If elections in liberal democracy were to be described as briefly as possible, perhaps it would go something like this: the people get to decide if they want change or more of the same (with both options, of course, embodied in aspiring representatives). Such was the explicit dilemma defining the political discourse in Bulgaria in the past few months. And it seems that the people have chosen more of the same. After a short, insubstantial campaign and two rounds in many places (the capital included), local election results became official on the 4th of November. In the epic battle between the ethereal forces of â€ ..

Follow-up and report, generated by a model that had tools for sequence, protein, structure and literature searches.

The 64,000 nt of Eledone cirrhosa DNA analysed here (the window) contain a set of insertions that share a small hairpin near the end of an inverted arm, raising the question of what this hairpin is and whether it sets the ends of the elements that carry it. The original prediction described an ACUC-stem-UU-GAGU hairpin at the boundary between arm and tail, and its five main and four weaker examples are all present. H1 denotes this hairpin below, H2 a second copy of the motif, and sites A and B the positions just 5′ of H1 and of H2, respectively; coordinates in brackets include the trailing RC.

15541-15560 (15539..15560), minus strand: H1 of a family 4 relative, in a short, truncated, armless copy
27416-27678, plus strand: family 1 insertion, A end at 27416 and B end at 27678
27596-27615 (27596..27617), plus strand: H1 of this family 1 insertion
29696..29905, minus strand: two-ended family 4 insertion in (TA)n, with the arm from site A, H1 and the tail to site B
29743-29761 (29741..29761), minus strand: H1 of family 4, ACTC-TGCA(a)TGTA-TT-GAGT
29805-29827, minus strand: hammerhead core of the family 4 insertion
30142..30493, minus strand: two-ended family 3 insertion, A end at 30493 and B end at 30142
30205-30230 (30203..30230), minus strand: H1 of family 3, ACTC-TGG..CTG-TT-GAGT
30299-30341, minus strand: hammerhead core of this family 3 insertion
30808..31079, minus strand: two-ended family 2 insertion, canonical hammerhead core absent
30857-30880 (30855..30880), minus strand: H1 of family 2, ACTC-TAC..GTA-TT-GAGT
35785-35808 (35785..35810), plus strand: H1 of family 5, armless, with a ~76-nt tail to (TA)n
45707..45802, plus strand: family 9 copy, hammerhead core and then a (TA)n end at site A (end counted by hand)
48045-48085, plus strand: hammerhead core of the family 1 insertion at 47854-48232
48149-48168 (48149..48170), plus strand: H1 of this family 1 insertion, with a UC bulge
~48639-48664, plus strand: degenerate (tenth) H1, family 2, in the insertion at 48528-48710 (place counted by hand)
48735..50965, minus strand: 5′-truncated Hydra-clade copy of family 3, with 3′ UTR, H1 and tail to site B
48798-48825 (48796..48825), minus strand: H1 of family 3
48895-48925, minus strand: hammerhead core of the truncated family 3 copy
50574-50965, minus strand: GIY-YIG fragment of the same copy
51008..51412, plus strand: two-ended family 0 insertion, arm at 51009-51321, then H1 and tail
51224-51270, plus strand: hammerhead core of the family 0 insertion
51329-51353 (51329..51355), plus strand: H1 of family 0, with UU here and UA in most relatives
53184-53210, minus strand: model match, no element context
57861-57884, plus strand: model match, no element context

- Our Strike is Essential! Together with Polish Women for Freedom of Abortion
- Armenian leftists: We consciously choose peace
- How I Stopped Worrying and Learned to Love Milo
- (Post)pandemic struggles in social reproduction: COVID-19 and housing justice in Serbia
- Why Globalise? 1989 in Eastern Europe and the Politics of History: Part III
Google Analytics Statsgenerated by GADWP
The Sutjeska and Bijeljina monuments appear to stand for two profoundly divergent worlds, one symbolizing the cosmopolitan and antifascist past of socialist Yugoslavia, the other embodying the hyper-nationalist and segregationist present of post-Yugoslav states. Yet both monuments were made by the same sculptor. A ..